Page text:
Momentum was building and more people became involved. The CHTC sent representative Michael Sprargue to support her efforts. In learning all the services that the CHTC could assist, the Swan Canyon Neighborhood Association expanded.
Faith Webb-Calloway joined in the effort and the organization took off. Key representatives were identified on most of the streets in Swan Canyon. A newsletter with local information and ads for the businesses was delivered monthly. The organization also obtained grants from the San Diego Foundation for projects, performs canyon clean-ups and street and graffiti clean-ups. The organization now meets as needed.
Teralta East has its borders of El Cajon Boulevard on to the north and University Avenue to the south.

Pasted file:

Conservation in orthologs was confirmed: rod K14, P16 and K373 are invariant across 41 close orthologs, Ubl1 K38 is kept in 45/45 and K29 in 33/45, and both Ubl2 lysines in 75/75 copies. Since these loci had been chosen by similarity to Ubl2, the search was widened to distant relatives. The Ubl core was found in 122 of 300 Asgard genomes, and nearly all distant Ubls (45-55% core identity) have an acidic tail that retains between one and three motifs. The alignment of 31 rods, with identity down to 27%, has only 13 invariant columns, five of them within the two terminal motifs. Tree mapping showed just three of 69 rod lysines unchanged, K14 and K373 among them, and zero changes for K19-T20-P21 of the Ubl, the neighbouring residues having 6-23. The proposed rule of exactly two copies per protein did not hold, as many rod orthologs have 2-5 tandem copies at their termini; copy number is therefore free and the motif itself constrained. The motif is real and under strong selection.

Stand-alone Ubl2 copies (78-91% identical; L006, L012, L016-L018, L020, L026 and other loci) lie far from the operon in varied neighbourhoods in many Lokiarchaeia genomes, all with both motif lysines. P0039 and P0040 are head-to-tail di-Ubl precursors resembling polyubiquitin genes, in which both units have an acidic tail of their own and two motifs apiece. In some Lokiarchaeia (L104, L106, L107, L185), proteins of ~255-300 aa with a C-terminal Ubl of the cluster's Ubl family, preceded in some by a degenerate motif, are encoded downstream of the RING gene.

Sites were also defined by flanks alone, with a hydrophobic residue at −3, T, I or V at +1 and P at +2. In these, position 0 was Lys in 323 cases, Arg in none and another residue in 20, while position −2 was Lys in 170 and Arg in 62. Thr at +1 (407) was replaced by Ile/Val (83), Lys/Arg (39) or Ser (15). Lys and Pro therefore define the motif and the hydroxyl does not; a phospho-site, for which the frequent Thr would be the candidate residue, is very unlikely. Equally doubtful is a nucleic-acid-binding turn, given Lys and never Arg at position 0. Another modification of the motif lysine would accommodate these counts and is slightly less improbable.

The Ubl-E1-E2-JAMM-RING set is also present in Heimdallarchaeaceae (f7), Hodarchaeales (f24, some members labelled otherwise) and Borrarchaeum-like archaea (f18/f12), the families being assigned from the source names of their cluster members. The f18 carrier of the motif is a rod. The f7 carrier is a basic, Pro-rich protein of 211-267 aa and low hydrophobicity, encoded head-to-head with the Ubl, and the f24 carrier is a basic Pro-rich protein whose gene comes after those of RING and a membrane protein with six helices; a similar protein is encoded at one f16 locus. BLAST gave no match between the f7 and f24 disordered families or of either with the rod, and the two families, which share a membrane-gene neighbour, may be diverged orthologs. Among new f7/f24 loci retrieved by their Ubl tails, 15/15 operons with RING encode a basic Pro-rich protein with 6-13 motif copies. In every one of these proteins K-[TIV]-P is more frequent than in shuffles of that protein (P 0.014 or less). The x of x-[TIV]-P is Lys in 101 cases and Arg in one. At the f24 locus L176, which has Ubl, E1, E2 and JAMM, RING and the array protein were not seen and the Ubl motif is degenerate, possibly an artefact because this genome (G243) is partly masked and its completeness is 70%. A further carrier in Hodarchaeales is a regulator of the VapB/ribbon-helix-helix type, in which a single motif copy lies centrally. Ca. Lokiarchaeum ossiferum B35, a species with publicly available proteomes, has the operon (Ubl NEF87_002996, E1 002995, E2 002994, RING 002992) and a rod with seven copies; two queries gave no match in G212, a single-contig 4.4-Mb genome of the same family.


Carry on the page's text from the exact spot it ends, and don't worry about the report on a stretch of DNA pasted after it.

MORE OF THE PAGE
Fairmount Avenue is the western border and Euclid Avenue is the eastern border. Teralta East has as its core the Little Saigon Cultural and Business Center. The area has a strong Vietnamese presence as well as a growing Somali community.
The neighborhood of Teralta West is one of the better known of the 16 neighborhoods of City Heights.
The commercial district of El Cajon Boulevard and University Avenue, respectively, make up the northern and southern boundaries. The eastern boundary is Fairmount Avenue and the western boundary is the 15 freeway. Teralta West started life out as East San Diego in the 1880’s as a rural suburb of San Diego. The neighborhood was an important commercial center during the 1930’s, 1940’s and 1950’s.
There are many houses that still date from the early part of the 19th century as well as bungalows from the 1920’s, 1930’s and 1940’s. Teralta West is currently a mix of single family dwellings, multi-family residential and commercial areas.